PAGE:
Man and dog being treated with similar experimental cancer vaccines meet.
A brain cancer study is giving new meaning to man's best friend.
Piper, a 14-year-old golden retriever received her final cancer vaccine at the University of Minnesota's small animal clinic on Monday.
The golden retriever was diagnosed with brain cancer in May.
Piper is one of 60 dogs being treated with an experimental vaccine made from her own cancer cells.
The vaccine trains Piper's immune system to attack the tumor.
One of the first dogs to try this was Batman, a shepherd mix, three years ago.
Since then the experiment has moved from dogs to humans.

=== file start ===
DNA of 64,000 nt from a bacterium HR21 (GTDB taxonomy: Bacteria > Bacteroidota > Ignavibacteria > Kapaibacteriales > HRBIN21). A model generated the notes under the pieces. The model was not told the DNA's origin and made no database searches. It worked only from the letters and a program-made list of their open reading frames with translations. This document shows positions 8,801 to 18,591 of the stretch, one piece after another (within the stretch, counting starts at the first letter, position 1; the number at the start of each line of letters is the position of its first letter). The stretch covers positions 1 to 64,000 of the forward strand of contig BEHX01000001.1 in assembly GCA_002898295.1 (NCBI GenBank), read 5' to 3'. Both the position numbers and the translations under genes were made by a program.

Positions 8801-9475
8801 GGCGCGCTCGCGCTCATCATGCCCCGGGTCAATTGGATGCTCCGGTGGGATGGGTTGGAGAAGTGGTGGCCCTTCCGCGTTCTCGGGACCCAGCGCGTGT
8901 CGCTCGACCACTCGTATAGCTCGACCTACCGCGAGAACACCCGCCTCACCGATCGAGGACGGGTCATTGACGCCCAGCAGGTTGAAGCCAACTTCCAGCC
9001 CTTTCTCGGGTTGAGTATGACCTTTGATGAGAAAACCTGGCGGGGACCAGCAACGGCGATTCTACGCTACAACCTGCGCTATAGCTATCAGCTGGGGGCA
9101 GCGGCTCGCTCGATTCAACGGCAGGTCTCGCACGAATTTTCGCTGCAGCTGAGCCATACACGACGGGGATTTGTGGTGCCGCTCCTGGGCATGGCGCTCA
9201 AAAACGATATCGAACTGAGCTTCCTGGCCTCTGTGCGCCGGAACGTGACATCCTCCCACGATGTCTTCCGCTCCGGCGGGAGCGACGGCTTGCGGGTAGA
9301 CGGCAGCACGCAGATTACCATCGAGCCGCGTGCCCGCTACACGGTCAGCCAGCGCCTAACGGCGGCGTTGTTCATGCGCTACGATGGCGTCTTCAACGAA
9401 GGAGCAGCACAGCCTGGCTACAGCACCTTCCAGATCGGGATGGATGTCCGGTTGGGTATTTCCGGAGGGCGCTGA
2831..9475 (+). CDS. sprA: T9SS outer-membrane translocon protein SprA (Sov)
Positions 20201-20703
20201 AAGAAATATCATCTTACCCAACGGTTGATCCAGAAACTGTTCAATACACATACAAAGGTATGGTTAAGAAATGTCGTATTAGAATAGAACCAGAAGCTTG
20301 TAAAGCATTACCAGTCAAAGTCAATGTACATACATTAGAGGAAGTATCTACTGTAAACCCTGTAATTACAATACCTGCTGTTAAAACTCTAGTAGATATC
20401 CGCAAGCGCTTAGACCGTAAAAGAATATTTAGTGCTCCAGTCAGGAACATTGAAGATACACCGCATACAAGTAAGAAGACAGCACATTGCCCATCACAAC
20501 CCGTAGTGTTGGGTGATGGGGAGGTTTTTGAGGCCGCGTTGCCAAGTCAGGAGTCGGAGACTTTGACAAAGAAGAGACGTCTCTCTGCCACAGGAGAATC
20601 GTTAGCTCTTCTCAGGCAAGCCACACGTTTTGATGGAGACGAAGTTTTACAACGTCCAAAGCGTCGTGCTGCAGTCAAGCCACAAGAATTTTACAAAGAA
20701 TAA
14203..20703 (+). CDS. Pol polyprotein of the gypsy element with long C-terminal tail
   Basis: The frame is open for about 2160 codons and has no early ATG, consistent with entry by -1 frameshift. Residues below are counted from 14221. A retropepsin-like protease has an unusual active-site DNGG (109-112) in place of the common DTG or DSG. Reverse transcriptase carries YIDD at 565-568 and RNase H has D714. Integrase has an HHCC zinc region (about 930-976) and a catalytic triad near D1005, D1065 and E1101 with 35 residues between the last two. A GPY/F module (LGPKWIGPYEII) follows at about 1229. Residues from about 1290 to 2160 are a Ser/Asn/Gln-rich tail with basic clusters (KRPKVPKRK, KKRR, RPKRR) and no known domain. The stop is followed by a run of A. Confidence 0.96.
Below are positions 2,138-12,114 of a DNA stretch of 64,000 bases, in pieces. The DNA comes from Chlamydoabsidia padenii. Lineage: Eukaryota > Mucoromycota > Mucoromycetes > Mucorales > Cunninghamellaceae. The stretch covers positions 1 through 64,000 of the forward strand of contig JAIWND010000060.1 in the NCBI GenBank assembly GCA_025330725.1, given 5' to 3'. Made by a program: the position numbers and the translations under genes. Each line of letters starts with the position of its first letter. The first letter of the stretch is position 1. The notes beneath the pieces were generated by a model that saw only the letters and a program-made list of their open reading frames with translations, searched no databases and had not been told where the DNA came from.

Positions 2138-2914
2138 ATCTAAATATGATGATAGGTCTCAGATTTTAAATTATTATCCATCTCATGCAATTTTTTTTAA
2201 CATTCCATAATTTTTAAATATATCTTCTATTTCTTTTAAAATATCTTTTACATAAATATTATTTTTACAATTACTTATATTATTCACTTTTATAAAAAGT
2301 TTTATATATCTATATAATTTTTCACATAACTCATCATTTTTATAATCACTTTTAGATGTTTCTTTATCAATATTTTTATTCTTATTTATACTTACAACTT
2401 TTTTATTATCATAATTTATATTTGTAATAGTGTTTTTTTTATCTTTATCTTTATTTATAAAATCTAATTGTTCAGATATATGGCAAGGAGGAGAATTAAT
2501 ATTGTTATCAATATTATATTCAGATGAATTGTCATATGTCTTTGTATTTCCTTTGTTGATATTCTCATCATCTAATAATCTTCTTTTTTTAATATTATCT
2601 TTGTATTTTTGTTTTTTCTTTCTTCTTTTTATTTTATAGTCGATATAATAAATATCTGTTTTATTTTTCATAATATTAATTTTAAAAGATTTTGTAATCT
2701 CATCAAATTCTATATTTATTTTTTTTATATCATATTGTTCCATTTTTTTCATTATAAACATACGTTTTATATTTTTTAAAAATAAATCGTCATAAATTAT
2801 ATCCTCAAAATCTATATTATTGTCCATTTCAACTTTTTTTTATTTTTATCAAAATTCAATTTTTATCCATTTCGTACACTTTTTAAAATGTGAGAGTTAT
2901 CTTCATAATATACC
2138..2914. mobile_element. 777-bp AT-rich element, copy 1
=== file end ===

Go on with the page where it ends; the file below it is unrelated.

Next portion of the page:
John Huls was diagnosed with brain cancer two years ago.
He is being treated with a vaccine similar to Piper's.
Huls met the Piper for the very first time on Monday.
"We've bonded," Huls said.
Prior to this treatment Huls underwent surgery, intense chemo and radiation.
He said he felt sick after the treatments and wanted an alternative.
He signed up for the clinical cancer study in January.
"This has been a good send. I've never felt better. I have good stamina, good vitality. My cognitive functions are as good as they ever were," he said.
Researchers like Dr. John Ohlfest with the Masonic Cancer Center said it's too early to tell if this treatment is safe and effective but said they are happy with the progress they are seeing in the dog and human trials.
"We did three dose levels. This is the maximum dose and we're still not seeing any toxicity so we believe we've achieved the objectives of the trial," Ohlfest said.
Huls and Piper still have a long way to go but they are hopeful this brings them one step closer to being cancer free.